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EIA Monthly Data Shows A Dip In U.S. Oil Production

Weekly U.S. crude oil production figures by the Energy Information Administration are a closely watched data set, but monthly production figures—which lag by months—often are seen as painting a more accurate picture of true production. And the most recent data shows that U.S. crude oil production is on the decline as of February.

According to EIA data, U.S. crude oil production dipped in February to an average of 11.312 million barrels per day—a 457,000 bpd decline from November 2021. January’s average monthly production was also down, to 11.362 million bpd compared to 11.604 million bpd on average in December. In fact, the monthly data shows that production has been declining since November 2021.

And data shows that U.S. production is still a far cry from where it was in 2019 prior to the pandemic.

EIA

The weekly data that is more frequently followed due to the timely nature of the data releases does show a downtrend in January and February, but not by nearly as much.

Until the EIA published its February monthly on Friday, the only EIA production data available were weekly figures. For each of the four weeks in January, the EIA had estimated that production in the United States averaged 11.7 million bpd, 11.7 million bpd, 11.6 million bpd, and 11.5 million bpd. In February, weekly figures showed that production stood at 11.6 million bpd in each of the weeks. But using this weekly data, those figures look like an improvement on November, and February looks like a slight gain compared to January’s sliding production trend.

EIA

Weekly data shows that U.S. production has increased in March and April, and we must now wait months to learn if those figures are accurate.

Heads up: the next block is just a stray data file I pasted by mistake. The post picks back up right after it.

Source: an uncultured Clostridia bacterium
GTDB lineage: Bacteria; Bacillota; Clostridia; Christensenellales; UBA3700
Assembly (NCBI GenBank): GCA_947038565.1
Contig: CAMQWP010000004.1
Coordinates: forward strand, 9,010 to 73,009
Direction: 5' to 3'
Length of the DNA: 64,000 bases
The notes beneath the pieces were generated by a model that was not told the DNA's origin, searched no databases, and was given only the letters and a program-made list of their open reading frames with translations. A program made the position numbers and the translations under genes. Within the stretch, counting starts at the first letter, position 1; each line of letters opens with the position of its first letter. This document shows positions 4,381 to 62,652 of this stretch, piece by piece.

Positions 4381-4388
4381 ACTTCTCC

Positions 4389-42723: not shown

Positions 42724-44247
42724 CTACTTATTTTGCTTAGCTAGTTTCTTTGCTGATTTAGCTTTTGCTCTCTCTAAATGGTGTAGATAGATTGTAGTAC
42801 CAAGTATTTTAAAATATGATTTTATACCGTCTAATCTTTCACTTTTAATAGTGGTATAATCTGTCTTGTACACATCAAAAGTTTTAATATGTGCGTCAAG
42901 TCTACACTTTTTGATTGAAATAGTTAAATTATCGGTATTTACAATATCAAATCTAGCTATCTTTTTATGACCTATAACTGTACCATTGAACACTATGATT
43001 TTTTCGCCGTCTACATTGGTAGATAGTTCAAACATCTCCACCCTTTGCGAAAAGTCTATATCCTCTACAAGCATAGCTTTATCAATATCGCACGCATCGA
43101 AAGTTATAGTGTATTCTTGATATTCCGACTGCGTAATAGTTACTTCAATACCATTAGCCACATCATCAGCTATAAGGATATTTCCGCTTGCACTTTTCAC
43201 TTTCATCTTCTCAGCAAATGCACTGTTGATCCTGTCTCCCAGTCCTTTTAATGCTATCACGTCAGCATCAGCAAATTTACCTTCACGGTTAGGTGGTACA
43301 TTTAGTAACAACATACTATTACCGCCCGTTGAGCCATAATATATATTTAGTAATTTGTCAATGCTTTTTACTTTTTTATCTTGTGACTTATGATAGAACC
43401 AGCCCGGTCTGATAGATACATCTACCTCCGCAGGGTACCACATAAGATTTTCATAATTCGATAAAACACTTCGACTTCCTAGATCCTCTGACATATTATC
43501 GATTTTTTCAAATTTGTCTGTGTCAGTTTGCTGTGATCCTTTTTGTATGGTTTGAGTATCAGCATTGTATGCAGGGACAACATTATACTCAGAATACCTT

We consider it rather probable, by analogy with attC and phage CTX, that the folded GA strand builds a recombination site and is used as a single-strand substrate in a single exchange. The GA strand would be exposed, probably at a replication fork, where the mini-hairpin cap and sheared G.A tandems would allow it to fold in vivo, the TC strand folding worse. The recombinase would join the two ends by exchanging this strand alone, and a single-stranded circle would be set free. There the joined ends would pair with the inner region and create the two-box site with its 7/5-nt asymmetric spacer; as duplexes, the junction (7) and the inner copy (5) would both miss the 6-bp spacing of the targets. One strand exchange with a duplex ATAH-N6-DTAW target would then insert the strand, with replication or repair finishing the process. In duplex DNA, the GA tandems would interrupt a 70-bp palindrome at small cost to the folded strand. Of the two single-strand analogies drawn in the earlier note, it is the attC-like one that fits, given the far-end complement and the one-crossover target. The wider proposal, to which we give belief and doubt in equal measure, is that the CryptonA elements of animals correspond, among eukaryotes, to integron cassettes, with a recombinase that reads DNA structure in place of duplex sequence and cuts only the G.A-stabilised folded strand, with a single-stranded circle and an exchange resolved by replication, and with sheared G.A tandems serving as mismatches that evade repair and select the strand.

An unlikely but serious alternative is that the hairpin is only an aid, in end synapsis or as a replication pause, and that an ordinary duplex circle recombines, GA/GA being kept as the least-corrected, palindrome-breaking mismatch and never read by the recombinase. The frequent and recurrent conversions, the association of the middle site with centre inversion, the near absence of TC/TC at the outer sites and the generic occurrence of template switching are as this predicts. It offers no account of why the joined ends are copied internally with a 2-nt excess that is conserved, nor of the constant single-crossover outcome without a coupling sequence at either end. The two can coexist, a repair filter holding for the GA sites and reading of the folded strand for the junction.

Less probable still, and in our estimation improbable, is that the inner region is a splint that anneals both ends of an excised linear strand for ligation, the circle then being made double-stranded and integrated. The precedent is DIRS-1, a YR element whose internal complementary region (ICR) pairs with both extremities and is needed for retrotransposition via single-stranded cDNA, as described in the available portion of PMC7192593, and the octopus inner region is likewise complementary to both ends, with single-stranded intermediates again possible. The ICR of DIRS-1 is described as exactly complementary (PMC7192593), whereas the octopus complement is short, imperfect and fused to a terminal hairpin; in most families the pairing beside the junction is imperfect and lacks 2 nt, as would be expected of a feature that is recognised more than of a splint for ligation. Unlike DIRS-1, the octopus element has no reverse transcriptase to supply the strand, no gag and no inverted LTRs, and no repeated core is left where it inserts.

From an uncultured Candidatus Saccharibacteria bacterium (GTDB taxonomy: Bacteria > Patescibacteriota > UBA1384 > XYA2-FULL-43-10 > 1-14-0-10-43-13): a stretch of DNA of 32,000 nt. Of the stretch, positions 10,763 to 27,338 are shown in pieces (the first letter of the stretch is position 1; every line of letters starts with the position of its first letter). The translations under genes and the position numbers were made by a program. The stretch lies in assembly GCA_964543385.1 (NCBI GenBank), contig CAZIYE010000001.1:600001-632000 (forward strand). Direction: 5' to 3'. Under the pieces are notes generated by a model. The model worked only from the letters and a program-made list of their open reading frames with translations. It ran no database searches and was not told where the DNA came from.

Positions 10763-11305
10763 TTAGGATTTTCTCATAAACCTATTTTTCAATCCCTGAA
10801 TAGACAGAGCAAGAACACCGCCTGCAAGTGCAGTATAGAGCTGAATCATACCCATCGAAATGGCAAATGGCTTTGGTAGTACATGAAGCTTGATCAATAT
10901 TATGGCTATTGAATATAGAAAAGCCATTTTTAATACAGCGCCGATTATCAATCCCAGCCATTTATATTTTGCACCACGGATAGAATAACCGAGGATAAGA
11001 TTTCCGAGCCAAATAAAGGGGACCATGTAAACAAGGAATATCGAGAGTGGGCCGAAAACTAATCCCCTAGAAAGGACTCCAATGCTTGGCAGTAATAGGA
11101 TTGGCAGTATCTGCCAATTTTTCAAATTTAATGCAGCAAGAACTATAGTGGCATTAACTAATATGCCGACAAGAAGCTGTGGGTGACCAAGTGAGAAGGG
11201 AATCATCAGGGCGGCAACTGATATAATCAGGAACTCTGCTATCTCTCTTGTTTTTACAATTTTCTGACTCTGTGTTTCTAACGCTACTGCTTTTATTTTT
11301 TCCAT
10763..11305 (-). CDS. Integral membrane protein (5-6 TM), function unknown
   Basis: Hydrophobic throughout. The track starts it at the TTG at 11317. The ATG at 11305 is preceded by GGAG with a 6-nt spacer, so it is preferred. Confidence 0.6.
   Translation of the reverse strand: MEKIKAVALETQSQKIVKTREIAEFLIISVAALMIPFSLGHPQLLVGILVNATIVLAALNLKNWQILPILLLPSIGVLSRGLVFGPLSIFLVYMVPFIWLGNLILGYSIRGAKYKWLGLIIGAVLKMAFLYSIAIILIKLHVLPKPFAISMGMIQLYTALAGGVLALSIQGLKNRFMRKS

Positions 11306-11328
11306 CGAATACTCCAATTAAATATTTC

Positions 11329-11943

By Julianne Geiger for Oilprice.com

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  • DoRight Deikins on May 01 2022 said:
    The problem is that the EIA can not know to the last barrel, how much is produced within the time span (a week) in which they are constrained to produce their reports. Thus they use statistical methods and assumptions to attempt to accurately predict the oil produced. Many have felt for considerable time that the assumptions that EIA uses are faulty, but that is the nature of this type of statistical analysis (i.e. you can always find someone to disagree with your methods). Unfortunately the naysayers have more and more evidence to support their criticism that the assumptions are faulty.
  • Mamdouh Salameh on April 30 2022 said:
    US shale oil is a spent force. It has hardly recovered from its collapse during the pandemic. And despite attempts by the US Energy Information Administration (EIA) and the likes of IEA and Rystad Energy to talk up production, the maximum shale oil drillers could raise their production in 2022 is 200,000-300,000 barrels a day (b/d),

    The good old days of shale oil are now well behind it. This means that US crude oil imports could only head upwards in coming years.

    Dr Mamdouh G Salameh
    International Oil Economist
    Visiting Professor of Energy Economics at ESCP Europe Business School, London

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